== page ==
For many observers, Iran emerged as the major winner of Middle East developments in 2017. They saw a “new superpower” in the region now securing military victories “outside its own borders.”
Although the dynamic in places like Syria, Qatar, Iraq, Lebanon, and Yemen may have turned in Tehran’s favor, a closer look reveals that all of the 2017 successes bring a set of 2018 challenges. Observers should pay much more attention to these challenges in order to correct their exaggerated views of Iran.
Tehran realizes that all its regional victories come with a downside. After all, Iran’s formidable situation on the ground is the result not so much of its own strategic planning but the failure of others (namely the U.S. and Saudi Arabia). Saudi policies and interventions in Qatar, Lebanon, and Yemen have played into Iran’s hands the same way the U.S. invasions in Iraq and Afghanistan did.
With its essentially defensive security doctrine, Iran focuses on reacting and adjusting, not creating and shaping. As a result, its military gains have not translated into political capital. In neither of the above-mentioned contexts has Iran’s hard power been turned into soft power.
Limited Influence in Syria and Iraq
In Syria, Iran is pleased to see longtime ally Bashar al-Assad remaining not only president but also part of a future political process for the war-torn country. Tehran views the Astana process (initiated jointly with Russia and Turkey) as complementary to the UN-led Geneva talks. The attempt to take this one step further and support a national reconciliation process by fostering intra-Syrian talks in Sochi is underway and underlines Iran’s ambition to be seen as an influential political, and not only military, actor.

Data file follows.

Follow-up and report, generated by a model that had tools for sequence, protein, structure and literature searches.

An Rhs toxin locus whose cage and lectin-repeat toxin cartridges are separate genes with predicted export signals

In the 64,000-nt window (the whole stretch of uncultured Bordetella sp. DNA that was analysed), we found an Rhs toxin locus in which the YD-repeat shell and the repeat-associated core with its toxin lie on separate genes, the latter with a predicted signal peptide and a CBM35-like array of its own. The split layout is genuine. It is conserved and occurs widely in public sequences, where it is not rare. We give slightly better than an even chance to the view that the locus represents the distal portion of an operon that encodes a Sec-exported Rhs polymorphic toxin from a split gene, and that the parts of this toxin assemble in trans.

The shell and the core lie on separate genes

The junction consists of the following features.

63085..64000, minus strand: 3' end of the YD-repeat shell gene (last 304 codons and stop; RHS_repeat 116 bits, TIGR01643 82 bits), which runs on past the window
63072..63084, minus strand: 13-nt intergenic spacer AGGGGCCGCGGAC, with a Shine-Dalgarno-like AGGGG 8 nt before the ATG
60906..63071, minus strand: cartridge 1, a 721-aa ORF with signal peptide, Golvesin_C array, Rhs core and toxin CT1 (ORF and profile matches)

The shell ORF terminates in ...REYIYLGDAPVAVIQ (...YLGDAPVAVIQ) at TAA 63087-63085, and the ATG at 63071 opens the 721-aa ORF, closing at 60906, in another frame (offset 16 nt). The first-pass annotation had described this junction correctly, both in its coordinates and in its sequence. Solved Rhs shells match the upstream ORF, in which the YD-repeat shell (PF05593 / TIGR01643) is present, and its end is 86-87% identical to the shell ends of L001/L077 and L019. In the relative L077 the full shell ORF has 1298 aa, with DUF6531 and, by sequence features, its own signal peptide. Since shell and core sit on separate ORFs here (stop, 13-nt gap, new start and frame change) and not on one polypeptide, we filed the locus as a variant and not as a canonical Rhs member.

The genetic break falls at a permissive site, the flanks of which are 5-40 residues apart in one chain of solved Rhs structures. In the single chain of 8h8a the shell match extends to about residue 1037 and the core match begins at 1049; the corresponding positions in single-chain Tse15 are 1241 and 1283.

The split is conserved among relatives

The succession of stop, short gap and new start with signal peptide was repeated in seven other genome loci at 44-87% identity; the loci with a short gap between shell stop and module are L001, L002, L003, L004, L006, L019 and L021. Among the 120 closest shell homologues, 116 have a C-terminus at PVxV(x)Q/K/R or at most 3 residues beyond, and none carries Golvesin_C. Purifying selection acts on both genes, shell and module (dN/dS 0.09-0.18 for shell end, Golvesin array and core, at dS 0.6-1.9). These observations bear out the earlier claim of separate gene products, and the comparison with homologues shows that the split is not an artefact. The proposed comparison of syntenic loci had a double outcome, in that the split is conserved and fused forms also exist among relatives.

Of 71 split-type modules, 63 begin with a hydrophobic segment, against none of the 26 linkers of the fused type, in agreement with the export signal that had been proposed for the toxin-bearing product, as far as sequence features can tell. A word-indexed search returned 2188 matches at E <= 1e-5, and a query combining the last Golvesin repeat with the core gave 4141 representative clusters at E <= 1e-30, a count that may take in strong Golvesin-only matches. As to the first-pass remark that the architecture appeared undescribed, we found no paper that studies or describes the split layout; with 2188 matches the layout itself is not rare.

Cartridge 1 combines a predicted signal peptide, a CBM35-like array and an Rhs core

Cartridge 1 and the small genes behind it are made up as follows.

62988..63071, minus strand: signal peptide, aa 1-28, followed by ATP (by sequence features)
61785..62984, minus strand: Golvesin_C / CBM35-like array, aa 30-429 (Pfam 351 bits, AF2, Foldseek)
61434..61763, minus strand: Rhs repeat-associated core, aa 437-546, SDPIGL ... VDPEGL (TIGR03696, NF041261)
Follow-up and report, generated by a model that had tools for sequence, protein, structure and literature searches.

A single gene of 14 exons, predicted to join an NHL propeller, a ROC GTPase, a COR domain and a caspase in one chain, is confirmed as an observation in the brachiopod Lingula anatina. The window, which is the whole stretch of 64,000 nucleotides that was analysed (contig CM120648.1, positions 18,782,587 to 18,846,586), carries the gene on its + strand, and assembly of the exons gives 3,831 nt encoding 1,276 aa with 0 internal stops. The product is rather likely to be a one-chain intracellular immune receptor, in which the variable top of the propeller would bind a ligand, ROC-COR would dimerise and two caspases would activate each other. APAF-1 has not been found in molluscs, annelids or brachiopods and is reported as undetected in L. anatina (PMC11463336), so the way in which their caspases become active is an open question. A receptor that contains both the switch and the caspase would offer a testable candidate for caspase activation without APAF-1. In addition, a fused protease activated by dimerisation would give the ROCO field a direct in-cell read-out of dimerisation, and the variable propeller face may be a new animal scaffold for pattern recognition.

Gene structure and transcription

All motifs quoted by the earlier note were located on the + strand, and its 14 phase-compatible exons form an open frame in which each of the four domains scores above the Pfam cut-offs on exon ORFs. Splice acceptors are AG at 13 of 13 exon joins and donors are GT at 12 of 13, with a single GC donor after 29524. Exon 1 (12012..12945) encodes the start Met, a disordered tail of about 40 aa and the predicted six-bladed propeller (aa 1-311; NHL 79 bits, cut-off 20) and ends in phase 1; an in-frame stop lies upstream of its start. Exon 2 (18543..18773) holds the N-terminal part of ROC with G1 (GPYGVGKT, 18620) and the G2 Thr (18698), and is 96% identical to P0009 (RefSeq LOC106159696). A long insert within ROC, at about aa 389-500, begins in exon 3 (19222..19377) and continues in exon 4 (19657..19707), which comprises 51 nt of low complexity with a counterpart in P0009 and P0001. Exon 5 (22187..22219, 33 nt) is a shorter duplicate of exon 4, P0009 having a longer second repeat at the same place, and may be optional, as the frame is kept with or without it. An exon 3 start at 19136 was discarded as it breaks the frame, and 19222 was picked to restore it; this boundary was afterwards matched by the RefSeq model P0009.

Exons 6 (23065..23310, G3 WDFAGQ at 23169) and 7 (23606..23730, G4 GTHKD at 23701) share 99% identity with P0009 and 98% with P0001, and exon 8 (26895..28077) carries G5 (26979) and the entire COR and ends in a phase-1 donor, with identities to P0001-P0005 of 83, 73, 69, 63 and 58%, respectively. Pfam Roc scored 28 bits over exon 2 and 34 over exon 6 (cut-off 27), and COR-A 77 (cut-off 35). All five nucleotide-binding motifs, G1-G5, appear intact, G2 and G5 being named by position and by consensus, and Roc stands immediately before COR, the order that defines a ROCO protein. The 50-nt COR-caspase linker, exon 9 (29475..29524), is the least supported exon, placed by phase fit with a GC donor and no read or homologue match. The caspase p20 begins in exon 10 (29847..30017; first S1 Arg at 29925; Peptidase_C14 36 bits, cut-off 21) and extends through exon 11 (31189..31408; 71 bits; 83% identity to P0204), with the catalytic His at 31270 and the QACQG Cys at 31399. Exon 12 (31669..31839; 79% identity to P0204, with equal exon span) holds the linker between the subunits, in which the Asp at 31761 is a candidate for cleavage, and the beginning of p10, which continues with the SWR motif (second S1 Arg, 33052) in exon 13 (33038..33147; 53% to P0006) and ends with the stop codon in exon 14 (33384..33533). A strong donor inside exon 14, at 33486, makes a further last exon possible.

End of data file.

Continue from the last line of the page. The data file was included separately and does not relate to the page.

And yet, Tehran knows all too well that its support for President Assad has ruined Iran’s image globally. Nothing is left of Iran’s soft power—for instance, its anti-imperialist credentials— particularly among its Arab neighbors. Without approval from Moscow and Ankara, Tehran can do little to shape Syria’s future. So, in spite of all investment in military and human resources, Iranian influence in Damascus will be less than broadly assumed.
Meanwhile, Iran came to the rescue of the government in Baghdad as well as the Kurdish regional government in Erbil when the Islamic State terrorist group was seizing Iraqi territory. It took Tehran only hours to send advisors and weapons. Justifiably, Tehran celebrated the defeat of the militant jihadists in its neighboring country.
But despite the festivities in Iraq, the government sent no messages of gratitude and appreciation to Tehran. Furthermore, no contender in the May parliamentary elections in Iraq will run as a Tehran-leaning candidate, since pro-Iranian sentiment would not secure many votes among the electorate. The appreciation for Iran ends where intra-Iraqi affairs begin. Although there is gratitude for Iran’s support in fighting the Islamic State, Iraqis are not receptive to Iranian influence in their national politics.
In addition, Tehran takes note grudgingly of how Baghdad imposes lower import duties on Saudi Arabian commodities than on Iranian ones. Given that the Iranian-Iraqi trade has reached approximately $12 billion in the past years, Iranians had hoped for better terms.
Opportunities in Qatar and Lebanon
Iran is benefiting quite remarkably from the Qatar crisis that began in June 2017 when Saudi Arabia and the United Arab Emirates took the lead in cornering Doha. Since then, Iranian-Qatari trade grew by a whopping 117 percent. Payments from Qatar Airways for using Iranian airspace and the export of food products have been the main new source of income for Iran.